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Faked Safety Claims Draw Prison Term

Wednesday, April 17, 2013

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A former Shaw Group safety manager will serve more than six years in prison for hiding scores of broken bones and other worker injuries at three nuclear plants to gain the company more than $2.5 million in bonuses.

Walter Cardin, 55, of Metairie, LA, was sentenced Thursday (April 11) to 78 months in prison, followed by two years of supervised release for his role in the scheme.

A federal jury convicted Cardin in November of eight counts of major fraud against the Tennessee Valley Authority (TVA). The jury heard evidence that Cardin had lied about injuries at the Brown's Ferry Nuclear Site in Athens, AL, where he was safety manager for the Shaw Group (formerly Stone & Webster Construction). Brown's Ferry, TVA's first nuclear site, began operation in 1973.

Brown's Ferry Nuclear Site

Walter Cardin misrepresented injuries to more than 80 employees at Brown's Ferry Nuclear Site (pictured) and two other nuclear plants, to help the Shaw Group draw a $2.5 million safety bonus.

Cardin also provided bogus information about injuries at the Sequoyah Nuclear Site in Soddy Daisy, TN, and at Watts Bar Nuclear Site near Spring City, TN, the jury found.

The Shaw Group had a contract with TVA, which owns the facilities, to provide maintenance and modifications to the plants and to provide construction for the Brown’s Ferry Unit Number 1 reactor restart.

Broken Bones, Hernias, Torn Ligaments

Cardin was convicted of generating false injury rates, which the Shaw Group used to collect more than $2.5 million in safety bonuses from TVA. He was convicted of providing false numbers at the three plants in 2004 and 2005, and at the Brown’s Ferry and Sequoyah plants in 2006.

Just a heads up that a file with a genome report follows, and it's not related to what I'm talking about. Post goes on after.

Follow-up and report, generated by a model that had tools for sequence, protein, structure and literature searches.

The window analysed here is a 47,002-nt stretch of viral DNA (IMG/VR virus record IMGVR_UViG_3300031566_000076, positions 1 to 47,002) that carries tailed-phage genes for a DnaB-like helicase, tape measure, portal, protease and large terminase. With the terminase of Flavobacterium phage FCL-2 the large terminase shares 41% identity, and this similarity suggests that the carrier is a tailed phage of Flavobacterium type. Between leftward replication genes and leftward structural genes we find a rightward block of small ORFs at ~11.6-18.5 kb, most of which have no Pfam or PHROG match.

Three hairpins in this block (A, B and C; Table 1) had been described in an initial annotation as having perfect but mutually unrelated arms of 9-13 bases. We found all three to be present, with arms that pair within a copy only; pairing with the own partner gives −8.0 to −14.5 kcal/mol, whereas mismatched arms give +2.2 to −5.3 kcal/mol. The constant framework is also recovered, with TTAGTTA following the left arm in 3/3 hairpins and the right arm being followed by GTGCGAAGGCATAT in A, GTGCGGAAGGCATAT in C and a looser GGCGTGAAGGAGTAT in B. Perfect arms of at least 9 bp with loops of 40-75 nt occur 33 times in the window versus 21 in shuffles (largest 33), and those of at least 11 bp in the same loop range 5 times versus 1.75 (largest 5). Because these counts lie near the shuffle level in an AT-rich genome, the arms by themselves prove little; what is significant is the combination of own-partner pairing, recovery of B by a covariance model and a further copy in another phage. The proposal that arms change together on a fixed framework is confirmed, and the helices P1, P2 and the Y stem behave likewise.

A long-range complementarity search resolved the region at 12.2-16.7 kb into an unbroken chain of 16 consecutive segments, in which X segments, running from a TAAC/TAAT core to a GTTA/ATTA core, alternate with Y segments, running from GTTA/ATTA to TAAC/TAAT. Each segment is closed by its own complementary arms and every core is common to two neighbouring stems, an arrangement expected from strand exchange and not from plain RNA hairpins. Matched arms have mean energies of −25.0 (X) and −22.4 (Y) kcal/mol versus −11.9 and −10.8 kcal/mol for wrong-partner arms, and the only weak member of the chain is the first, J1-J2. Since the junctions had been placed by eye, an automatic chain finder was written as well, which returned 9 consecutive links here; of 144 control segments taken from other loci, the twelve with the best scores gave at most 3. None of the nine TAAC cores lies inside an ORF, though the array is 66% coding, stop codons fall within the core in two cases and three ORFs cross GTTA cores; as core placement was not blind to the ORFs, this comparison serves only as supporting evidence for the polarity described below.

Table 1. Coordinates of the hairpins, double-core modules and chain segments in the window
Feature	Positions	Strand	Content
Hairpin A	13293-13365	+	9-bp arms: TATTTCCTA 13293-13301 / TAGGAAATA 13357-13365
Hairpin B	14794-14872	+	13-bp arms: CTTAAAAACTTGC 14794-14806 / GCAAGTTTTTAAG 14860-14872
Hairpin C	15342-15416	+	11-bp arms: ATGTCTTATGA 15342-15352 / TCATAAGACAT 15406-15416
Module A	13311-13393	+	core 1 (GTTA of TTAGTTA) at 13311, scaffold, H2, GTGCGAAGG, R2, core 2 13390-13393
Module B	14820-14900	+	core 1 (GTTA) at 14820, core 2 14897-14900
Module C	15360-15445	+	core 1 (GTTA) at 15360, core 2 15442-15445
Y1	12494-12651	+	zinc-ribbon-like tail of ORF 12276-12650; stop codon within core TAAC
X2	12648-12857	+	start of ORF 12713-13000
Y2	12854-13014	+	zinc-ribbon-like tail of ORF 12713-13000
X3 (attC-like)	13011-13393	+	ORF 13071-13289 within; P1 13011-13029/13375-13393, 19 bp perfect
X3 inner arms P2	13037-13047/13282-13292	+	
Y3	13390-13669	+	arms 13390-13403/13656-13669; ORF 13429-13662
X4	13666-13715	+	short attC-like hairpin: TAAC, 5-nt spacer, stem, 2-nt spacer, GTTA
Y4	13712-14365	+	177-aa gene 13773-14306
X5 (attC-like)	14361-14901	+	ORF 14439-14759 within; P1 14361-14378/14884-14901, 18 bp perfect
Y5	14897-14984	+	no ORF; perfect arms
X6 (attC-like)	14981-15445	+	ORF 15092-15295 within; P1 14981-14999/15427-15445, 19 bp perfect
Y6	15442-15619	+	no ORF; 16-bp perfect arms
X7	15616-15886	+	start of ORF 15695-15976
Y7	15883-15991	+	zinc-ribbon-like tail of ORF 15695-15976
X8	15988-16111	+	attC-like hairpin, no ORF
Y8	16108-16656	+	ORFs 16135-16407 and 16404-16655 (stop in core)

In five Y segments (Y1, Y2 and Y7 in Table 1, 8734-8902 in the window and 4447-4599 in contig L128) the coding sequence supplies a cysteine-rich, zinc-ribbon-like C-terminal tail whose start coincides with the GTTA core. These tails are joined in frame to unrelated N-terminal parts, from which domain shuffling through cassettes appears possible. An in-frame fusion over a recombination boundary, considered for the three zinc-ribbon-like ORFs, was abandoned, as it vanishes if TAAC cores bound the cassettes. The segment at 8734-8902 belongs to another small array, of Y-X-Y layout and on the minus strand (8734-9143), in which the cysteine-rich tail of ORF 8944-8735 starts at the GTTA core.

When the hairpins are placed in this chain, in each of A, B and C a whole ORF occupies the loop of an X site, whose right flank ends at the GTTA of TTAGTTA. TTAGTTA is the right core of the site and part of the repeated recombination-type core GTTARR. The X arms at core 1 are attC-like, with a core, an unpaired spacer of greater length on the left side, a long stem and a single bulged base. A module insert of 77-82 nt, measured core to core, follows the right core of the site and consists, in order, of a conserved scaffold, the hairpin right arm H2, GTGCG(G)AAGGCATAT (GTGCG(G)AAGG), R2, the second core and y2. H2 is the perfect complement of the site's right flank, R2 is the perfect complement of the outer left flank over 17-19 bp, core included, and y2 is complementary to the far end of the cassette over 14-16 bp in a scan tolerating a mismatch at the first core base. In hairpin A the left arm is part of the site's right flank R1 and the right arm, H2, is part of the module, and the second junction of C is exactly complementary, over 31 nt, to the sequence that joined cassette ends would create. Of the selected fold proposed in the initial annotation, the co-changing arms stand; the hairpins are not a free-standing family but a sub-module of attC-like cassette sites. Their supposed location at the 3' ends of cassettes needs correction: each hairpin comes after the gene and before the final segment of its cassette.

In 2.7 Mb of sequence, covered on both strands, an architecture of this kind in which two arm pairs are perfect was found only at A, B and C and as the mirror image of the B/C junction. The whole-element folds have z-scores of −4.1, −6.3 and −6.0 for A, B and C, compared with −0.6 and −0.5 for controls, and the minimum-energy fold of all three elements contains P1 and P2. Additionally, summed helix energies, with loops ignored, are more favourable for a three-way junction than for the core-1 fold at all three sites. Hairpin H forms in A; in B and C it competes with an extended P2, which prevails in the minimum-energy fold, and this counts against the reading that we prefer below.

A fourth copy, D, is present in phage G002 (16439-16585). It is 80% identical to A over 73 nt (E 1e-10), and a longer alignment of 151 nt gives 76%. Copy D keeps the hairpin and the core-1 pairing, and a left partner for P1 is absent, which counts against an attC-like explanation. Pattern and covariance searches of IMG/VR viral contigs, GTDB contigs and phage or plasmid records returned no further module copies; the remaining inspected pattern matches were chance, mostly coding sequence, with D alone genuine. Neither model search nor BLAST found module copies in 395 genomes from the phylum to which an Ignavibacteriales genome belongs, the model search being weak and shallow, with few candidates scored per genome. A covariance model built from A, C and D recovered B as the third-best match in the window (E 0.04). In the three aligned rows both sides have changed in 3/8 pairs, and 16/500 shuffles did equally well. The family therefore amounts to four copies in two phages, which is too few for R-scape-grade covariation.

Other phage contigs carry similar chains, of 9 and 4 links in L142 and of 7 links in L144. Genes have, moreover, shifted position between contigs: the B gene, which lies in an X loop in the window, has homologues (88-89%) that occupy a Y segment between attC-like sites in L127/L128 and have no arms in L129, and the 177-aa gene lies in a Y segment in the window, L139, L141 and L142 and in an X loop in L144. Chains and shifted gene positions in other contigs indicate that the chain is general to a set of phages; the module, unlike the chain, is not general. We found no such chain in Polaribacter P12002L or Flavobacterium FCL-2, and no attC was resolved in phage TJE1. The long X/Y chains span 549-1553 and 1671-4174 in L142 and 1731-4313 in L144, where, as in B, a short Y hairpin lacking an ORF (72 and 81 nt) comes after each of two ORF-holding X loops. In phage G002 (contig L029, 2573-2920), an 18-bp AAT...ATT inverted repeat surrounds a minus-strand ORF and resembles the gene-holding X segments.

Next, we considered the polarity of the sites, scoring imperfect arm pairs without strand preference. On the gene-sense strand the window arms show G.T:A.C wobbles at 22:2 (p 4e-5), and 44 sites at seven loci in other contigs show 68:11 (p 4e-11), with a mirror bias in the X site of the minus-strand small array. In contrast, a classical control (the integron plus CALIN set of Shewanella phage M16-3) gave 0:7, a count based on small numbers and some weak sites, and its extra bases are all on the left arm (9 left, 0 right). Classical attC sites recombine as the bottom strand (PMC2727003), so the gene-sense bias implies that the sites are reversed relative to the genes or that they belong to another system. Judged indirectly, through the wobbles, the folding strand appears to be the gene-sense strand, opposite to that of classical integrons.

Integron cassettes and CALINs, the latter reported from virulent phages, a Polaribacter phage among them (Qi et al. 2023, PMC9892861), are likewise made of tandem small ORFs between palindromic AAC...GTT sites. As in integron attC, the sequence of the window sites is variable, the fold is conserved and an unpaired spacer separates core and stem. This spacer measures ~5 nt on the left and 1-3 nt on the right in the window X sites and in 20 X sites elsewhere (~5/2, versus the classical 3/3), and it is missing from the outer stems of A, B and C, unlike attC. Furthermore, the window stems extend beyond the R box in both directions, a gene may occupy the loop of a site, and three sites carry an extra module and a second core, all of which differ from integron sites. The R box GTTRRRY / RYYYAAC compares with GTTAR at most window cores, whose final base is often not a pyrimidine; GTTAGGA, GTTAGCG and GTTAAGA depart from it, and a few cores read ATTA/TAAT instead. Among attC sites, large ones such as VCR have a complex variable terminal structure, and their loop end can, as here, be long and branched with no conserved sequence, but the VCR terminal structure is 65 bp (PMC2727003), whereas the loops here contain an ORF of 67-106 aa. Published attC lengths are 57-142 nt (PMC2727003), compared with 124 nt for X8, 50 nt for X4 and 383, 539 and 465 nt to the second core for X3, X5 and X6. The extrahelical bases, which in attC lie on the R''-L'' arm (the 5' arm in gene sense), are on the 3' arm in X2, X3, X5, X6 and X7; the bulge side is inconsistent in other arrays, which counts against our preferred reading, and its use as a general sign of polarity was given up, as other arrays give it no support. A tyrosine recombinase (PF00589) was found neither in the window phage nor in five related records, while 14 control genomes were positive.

The jury heard evidence of more than 80 injuries, including broken bones, torn ligaments, hernias, lacerations, and shoulder, back, and knee injuries that Cardin did not properly record or report.


The Shaw Group was recently purchased by energy infrastructure concern CB&I of Texas.

Cardin underreported both the number and severity of the injuries, authorities said. Some employees testified that they had been denied or delayed proper medical treatment as a result of Cardin’s fraud. Evidence showed that Cardin intentionally misrepresented or simply lied about how the injuries had occurred and how serious they were.

Cardin had faced up to 10 years in prison and a $1 million fine on each count, the Department of Justice said.

Company Settlement

As part of a civil agreement filed with the United States in 2008, the Shaw Group—then a Fortune 500 company with $5.7 billion a year in revenues— paid back twice the amount of the ill-gotten safety bonuses. In February 2013, energy infrastructure giant CB&I acquired the Shaw Group for an undisclosed amount.

“These convictions will put all Tennessee Valley Authority contractors on notice that criminal violations to maximize profits with TVA will not be tolerated in the Eastern District of Tennessee,” said U.S. Attorney Bill Killian.

The case was investigated by the TVA-Office of Inspector General.


Comment from Tom Schwerdt, (4/18/2013, 9:18 AM)

This illustrates the biggest concern with having cash incentives tied directly to injury rates. The incentive to "cover up" injuries.

Comment from John Fauth, (4/19/2013, 8:46 AM)

Agreed, Tom. I think it further illustrates that anyone paying cash incentives better have the means to adequately supervise the program. Time after time, government and government entities prove themselves incapable of doing so.

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